Well I hope you have enjoyed the warmer temperatures because winter is about to make a big return for many areas across the United States. While I always enjoy the winter months (especially if there is a lot of snow), I must admit that I am ready for spring and was spoiled by these warmer temperatures. If you go look at a current temperature map, you can already see that the colder air is already starting to push back in the United States, and that trend will continue as the week progresses. Forecasting during the latter part of the winter can get extremely tricky, and we are starting to enter that period. One of the main reasons is that climatologically things start to warm up, and when trying to forecast potential winter storms, it can be easy to bust on the forecast. It’s difficult enough to forecast in the middle of winter, but when you’re in the winter-to-spring transition phase, it can get really interesting.
Winter is definitely not over, and not only will a large portion of the United States experience well-below average cold, there could be several winter events to occur from late February through March. We’re about to move back into the same pattern that has given the central and eastern United States brutally cold temperature all winter, and with the cold air that will be in place, we could end up squeezing in a few more winter storms before we get into spring.
As many of you know, I’m a big fan of using cycles and trends to make my medium-range and long-range forecasts. The method simply works if you can correctly identify the cycles! Now some years are much more difficult to forecast for than others, but in many cases during the winter, certain cycles establish themselves, which literally can allow a forecaster to predict these cold events and winter storms well in advance. The cold that is on the way is going to be impressive to say the least, especially since we’re entering the latter part of the winter. In fact, there could be some records that end up being broken with this cold, so like I said, winter is definitely not over.
The big question will be how long this cold air decides to stay in place, and that will ultimately be a determining factor on how far south any wintry precipitation occurs. Remember, it’s not necessarily uncommon for portions of the southern U.S. to get wintry weather in early to mid March, but as the sun angle becomes more direct, it becomes increasingly unlikely as you get further into March. The Pacific North Atlantic index is moving into a positive phase while the Arctic Oscillation index is about to go negative. While I don’t expect you to really know what that means, this favors a pattern that sets up troughing in the central and eastern U.S. with ridging over the western U.S.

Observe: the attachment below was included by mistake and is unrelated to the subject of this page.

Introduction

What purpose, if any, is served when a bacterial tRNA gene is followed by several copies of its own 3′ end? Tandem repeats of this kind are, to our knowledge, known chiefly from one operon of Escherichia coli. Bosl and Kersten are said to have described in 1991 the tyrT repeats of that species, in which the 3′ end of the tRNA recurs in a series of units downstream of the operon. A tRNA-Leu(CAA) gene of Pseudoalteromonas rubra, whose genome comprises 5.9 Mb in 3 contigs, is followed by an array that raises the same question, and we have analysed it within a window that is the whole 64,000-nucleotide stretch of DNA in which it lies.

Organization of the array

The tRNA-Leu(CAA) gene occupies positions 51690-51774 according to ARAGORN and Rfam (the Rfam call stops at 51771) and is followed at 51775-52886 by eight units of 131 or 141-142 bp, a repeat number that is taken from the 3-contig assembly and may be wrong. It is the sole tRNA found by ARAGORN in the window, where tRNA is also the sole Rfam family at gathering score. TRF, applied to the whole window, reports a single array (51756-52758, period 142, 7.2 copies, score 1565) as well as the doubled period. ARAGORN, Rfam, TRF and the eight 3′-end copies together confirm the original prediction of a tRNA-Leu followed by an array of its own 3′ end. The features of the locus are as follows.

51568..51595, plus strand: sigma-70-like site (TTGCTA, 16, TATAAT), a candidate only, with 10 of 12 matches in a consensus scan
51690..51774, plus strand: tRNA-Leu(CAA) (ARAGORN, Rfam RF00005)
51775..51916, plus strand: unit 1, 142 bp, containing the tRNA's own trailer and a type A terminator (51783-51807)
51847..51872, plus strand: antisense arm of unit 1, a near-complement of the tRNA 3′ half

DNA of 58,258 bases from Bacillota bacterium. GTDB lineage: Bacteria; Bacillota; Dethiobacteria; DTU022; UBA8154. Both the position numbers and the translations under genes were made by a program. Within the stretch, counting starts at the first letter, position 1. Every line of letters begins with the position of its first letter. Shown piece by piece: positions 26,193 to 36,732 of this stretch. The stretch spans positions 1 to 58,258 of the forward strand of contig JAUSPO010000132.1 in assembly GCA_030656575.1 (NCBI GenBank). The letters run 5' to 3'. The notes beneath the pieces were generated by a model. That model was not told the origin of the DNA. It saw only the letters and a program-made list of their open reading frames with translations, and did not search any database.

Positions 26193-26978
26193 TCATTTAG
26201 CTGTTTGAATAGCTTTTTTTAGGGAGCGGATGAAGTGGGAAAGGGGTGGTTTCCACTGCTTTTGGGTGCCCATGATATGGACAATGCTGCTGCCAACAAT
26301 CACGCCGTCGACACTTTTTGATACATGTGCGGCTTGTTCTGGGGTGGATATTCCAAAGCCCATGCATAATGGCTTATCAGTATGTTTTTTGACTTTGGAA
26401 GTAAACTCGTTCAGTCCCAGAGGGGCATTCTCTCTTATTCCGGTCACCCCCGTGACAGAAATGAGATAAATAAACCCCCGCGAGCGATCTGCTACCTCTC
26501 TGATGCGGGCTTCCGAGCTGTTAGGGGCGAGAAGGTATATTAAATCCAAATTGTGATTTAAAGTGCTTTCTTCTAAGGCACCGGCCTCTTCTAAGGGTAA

If you look at the model guidance, it supports this idea, and even shows ridging building in the western U.S. and over Alaska and also ridging building over the North Atlantic. Then you have a piece of the polar vortex that breaks off and moves south of the Hudson Bay. This has been happening all winter, and what happens is the cold air gets pushed south between those two ridges. And there you go, you have really cold air in the central and eastern United States.
With all of that said, both the Southern Plains and the Southeastern United States could have a good shot at getting another winter storm this season. While nailing down this forecast will require more studying on my end, don’t think that because we’re about to enter March that this can’t happen. Storminess is going to increase into March, and if the cold air is in place, then we’ll likely be dealing with a winter storm or two. Going further into March, there could even be a big East Coast storm, but again, track and the amount of cold air in place at that time will determine who gets what.
I’m going to end it there for tonight! I posted a couple of maps for you to take a look at below: one that shows you the troughing that is going to setup over the central and eastern U.S. and one that shows CPC’s prediction of below average temperatures to continue into March for the eastern U.S. As I always say, be sure to like our Facebook page if you haven’t already done that because I post updates on there quite often. As a quick aside, be sure to check out the $500 scholarship that we will be offering to a current or prospective student this fall. Details on that are here! Have a great night, everyone!
Matthew Holliday is a graduate of the University of Oklahoma, where he completed a B.S. in Meteorology and a B.S. in Geographic Information Science. Matthew founded Firsthand Weather in 2010 as a senior in high school and maintained the site through his undergraduate career. Research that was conducted by Matthew while at OU involved determining the synoptic environment in which various types of wave clouds (including vertically propagating waves and trapped waves) develop in Boulder, Colorado and Norman, OK. Matthew also did research on spatial changes in tornado activity across the United States . The goal of this study was to determine if spatial changes in tornado activity had occurred and if those changes could be linked to changes in average surface dew point temperature. Matthew has completed coursework in dynamics, thermodynamics, cloud physics, calculus and differential equations, statistics, remote sensing, GIS, synoptic meteorology, and mesoscale meteorology. His goal is to provide his audience with a deeper understanding of what drives our weather and climate, while making it easy and enjoyable to learn.